Banks complete consumer relief obligations under national mortgage settlement

Intended to address widespread foreclosure abuses that happened at the height of the housing crisis, the national mortgage settlement reached a major milestone this week.
Mar 28, 2014

 

Intended to address widespread foreclosure abuses that happened at the height of the housing crisis, the national mortgage settlement reached a major milestone this week. 

Joe Smith, the settlement monitor, announced that all five of the named banks have satisfied their consumer relief and refinancing obligations under the agreement. In total, the banks provided more than $50 million in credited relief nationwide, which translates to $20 billion in gross relief under the joint state-federal settlement.

Tennessee received an estimated $240 million in relief including $180 million in refinances, principal reductions, and approved short sales.  Under the terms of the settlement, the majority of the credited relief went to help homeowners lower their mortgage payments and take them out of foreclosure. More than 4,000 Tennessee homeowners received some type of assistance under the settlement with an average individual benefit estimated at over $40,000.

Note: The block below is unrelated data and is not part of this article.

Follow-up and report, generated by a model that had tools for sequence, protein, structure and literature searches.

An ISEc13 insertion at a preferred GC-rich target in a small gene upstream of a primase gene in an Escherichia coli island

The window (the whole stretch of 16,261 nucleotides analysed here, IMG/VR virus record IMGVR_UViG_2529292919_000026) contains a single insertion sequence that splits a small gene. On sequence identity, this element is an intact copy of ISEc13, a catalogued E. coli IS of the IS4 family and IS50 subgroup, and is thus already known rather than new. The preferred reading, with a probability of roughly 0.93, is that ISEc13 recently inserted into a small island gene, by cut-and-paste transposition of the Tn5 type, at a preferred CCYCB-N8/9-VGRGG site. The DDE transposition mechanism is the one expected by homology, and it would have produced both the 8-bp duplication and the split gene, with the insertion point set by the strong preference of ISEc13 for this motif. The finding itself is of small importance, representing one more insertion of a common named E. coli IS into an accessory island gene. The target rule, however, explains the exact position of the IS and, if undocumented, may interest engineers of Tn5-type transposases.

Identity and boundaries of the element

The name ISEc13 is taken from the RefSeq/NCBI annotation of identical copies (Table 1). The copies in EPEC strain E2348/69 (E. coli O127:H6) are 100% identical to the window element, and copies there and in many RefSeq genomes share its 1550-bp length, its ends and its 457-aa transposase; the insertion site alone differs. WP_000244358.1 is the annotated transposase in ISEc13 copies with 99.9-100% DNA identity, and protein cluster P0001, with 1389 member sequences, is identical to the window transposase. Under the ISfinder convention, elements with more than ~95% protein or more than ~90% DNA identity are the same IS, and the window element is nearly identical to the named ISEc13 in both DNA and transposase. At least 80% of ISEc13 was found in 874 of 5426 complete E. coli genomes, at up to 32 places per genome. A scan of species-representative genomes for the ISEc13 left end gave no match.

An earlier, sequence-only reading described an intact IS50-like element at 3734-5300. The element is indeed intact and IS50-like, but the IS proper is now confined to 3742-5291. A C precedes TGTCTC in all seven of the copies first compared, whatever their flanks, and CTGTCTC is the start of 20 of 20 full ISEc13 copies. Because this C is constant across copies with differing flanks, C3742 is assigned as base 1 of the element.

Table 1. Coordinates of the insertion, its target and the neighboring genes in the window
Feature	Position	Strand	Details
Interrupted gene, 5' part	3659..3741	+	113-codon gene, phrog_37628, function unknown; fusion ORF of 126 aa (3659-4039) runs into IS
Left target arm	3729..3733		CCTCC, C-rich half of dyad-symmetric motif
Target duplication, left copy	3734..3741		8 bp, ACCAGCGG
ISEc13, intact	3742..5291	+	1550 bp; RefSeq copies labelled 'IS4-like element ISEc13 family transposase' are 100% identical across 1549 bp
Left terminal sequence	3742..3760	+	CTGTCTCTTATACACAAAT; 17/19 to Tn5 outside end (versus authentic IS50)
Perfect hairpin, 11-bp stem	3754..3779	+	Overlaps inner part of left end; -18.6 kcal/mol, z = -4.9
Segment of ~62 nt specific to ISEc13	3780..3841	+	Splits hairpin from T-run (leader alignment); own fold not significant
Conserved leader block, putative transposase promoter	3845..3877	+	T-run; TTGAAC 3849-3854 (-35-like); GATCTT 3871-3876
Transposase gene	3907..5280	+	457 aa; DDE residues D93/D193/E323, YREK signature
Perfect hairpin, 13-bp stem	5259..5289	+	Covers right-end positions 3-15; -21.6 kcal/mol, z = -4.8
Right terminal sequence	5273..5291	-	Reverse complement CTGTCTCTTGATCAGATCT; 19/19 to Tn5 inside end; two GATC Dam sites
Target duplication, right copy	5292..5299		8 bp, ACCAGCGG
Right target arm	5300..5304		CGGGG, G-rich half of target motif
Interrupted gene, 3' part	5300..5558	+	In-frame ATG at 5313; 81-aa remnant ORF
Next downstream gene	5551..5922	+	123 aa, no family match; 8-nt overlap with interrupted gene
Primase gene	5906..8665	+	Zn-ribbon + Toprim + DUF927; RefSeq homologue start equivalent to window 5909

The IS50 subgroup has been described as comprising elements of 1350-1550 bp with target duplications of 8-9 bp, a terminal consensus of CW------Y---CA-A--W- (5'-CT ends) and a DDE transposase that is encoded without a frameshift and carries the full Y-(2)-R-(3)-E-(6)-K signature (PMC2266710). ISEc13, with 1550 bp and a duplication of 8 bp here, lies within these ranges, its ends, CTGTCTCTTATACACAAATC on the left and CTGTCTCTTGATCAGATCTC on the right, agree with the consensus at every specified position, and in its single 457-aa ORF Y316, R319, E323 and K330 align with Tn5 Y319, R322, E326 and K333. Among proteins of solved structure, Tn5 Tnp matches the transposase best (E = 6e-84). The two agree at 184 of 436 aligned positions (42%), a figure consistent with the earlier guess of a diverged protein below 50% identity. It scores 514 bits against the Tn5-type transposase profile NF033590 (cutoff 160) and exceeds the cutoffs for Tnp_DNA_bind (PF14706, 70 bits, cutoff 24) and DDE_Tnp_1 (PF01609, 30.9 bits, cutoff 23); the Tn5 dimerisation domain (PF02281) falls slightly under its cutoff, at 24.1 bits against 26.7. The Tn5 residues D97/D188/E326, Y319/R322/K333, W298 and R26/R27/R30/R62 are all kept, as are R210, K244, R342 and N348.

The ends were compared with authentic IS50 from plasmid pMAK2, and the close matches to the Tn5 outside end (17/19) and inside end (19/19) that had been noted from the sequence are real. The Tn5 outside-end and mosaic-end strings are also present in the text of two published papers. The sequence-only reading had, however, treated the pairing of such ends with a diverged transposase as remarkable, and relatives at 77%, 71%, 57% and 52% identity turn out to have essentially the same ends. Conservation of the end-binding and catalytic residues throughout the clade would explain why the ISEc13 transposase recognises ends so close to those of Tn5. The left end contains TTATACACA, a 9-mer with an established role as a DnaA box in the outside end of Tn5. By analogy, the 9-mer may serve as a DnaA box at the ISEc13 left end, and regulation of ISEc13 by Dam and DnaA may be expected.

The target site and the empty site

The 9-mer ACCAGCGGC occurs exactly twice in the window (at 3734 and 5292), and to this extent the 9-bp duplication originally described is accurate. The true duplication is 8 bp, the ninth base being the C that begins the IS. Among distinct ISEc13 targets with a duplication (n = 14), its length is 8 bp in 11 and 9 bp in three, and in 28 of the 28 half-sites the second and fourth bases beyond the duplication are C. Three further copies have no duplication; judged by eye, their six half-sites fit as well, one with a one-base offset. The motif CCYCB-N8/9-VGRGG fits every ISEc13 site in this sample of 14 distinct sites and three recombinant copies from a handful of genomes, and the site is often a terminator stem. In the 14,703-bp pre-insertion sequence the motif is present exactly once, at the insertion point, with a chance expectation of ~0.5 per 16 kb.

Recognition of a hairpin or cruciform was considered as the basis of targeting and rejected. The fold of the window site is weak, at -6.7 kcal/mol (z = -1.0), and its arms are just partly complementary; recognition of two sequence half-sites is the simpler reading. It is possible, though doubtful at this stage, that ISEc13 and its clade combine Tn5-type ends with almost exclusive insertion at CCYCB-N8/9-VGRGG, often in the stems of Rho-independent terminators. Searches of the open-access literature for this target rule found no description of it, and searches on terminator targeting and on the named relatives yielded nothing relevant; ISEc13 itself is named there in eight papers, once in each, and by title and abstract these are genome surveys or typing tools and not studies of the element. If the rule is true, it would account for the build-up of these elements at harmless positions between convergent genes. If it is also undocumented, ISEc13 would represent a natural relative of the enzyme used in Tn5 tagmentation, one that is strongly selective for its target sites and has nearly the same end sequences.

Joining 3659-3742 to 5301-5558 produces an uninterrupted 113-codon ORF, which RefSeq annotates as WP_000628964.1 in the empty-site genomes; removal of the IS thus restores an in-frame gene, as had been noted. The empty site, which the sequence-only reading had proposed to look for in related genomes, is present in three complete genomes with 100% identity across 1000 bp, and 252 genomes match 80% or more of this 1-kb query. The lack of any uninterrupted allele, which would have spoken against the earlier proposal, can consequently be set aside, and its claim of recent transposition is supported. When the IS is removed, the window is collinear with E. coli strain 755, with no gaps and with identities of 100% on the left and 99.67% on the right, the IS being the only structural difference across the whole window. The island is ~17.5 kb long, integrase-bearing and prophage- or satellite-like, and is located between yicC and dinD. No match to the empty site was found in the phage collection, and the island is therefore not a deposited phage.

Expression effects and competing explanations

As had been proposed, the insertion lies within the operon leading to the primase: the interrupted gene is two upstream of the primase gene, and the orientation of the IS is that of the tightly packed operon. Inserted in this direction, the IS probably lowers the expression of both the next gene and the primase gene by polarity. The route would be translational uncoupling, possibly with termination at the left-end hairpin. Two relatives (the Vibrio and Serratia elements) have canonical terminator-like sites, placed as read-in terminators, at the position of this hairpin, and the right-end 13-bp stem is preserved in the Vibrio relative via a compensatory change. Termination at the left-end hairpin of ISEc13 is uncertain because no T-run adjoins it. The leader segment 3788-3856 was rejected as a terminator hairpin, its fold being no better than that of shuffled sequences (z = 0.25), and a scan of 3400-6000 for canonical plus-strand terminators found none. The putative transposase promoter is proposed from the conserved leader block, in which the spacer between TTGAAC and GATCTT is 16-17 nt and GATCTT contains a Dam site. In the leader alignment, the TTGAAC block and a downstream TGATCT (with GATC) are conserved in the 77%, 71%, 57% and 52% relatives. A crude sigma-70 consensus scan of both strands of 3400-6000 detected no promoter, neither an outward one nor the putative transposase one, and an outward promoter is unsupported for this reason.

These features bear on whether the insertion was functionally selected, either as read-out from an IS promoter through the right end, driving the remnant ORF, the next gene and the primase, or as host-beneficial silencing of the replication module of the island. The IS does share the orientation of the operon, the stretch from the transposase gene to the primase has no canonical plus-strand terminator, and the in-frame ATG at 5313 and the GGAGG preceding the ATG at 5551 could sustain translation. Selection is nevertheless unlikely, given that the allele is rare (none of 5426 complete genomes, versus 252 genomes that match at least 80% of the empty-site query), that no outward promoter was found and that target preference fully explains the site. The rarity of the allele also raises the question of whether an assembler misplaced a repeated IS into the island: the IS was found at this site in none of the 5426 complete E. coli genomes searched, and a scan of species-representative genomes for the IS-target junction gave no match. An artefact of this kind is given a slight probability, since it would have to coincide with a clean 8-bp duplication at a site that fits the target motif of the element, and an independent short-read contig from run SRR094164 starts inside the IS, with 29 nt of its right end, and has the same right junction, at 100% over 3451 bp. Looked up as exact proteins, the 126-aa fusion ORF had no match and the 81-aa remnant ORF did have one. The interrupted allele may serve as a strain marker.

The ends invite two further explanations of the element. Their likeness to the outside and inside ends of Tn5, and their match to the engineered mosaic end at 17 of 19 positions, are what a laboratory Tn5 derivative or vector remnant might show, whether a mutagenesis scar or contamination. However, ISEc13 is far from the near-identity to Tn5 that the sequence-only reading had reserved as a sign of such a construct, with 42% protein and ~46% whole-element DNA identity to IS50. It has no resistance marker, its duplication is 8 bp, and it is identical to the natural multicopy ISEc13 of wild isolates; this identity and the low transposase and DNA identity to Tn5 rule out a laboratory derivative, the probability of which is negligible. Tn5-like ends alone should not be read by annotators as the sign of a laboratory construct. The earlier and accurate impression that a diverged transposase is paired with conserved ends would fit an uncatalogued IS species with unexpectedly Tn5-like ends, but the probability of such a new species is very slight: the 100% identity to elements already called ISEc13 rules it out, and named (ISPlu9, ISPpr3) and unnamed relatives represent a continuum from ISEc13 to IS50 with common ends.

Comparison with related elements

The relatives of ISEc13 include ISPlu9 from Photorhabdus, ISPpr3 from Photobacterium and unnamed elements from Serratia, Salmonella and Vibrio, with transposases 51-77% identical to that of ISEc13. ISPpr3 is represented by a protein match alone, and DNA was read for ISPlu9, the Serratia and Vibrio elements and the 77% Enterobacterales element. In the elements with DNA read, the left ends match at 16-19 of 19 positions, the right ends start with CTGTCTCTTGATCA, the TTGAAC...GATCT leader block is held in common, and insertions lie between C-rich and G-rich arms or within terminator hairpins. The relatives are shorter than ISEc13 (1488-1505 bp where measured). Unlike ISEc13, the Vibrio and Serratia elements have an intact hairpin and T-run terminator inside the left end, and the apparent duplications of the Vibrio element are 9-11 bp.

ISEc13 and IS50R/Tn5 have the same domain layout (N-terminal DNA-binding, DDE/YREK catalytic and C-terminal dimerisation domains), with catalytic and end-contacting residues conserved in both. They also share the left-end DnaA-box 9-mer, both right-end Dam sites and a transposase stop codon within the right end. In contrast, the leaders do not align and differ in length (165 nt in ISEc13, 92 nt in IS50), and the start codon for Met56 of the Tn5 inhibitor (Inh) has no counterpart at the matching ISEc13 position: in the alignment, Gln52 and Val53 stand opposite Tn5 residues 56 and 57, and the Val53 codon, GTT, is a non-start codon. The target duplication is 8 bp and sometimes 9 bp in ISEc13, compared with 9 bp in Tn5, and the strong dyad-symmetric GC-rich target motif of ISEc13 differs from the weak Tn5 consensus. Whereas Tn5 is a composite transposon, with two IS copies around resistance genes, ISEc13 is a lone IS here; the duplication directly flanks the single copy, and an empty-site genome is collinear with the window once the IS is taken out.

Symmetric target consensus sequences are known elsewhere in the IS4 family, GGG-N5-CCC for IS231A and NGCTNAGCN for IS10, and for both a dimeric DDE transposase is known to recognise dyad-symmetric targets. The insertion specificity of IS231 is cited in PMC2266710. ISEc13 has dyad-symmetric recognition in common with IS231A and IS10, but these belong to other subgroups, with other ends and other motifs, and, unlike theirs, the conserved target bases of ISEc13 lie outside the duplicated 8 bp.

The settlement included the nation’s five largest mortgage servicers:  Bank of America, JP Morgan Chase, Citi, GMAC/Ally Financial and Wells Fargo.  After investigating complaints about foreclosure abuses from homeowners throughout the state, Tennessee participated on the multistate executive committee for 2012 settlement.

“We are pleased to see that Tennesseans have received substantial benefits under the National Mortgage Settlement,” said Tennessee Attorney General Bob Cooper. “In working with homeowners throughout the state, we have seen firsthand how the settlement has allowed struggling homeowners to lower their monthly payments and avoid foreclosure.”

The settlement’s monitor will continue to review the banks’ compliance with the settlement’s servicing standards. The standards require the five banks to evaluate homeowners for all options to foreclosure, including the federal Making Home Affordable Program, on a fair and timely basis. With the servicing standards still in effect, the Tennessee attorney general’s office will continue to work with homeowners who have disputes with the five banks.

The state of Tennessee has also set up a free mortgage assistance hotline for all homeowners regardless of who services their mortgage. Anyone having trouble paying a mortgage may call 855-876-7283. For a list of free housing counselors, visit keepmytnhome.org.

 

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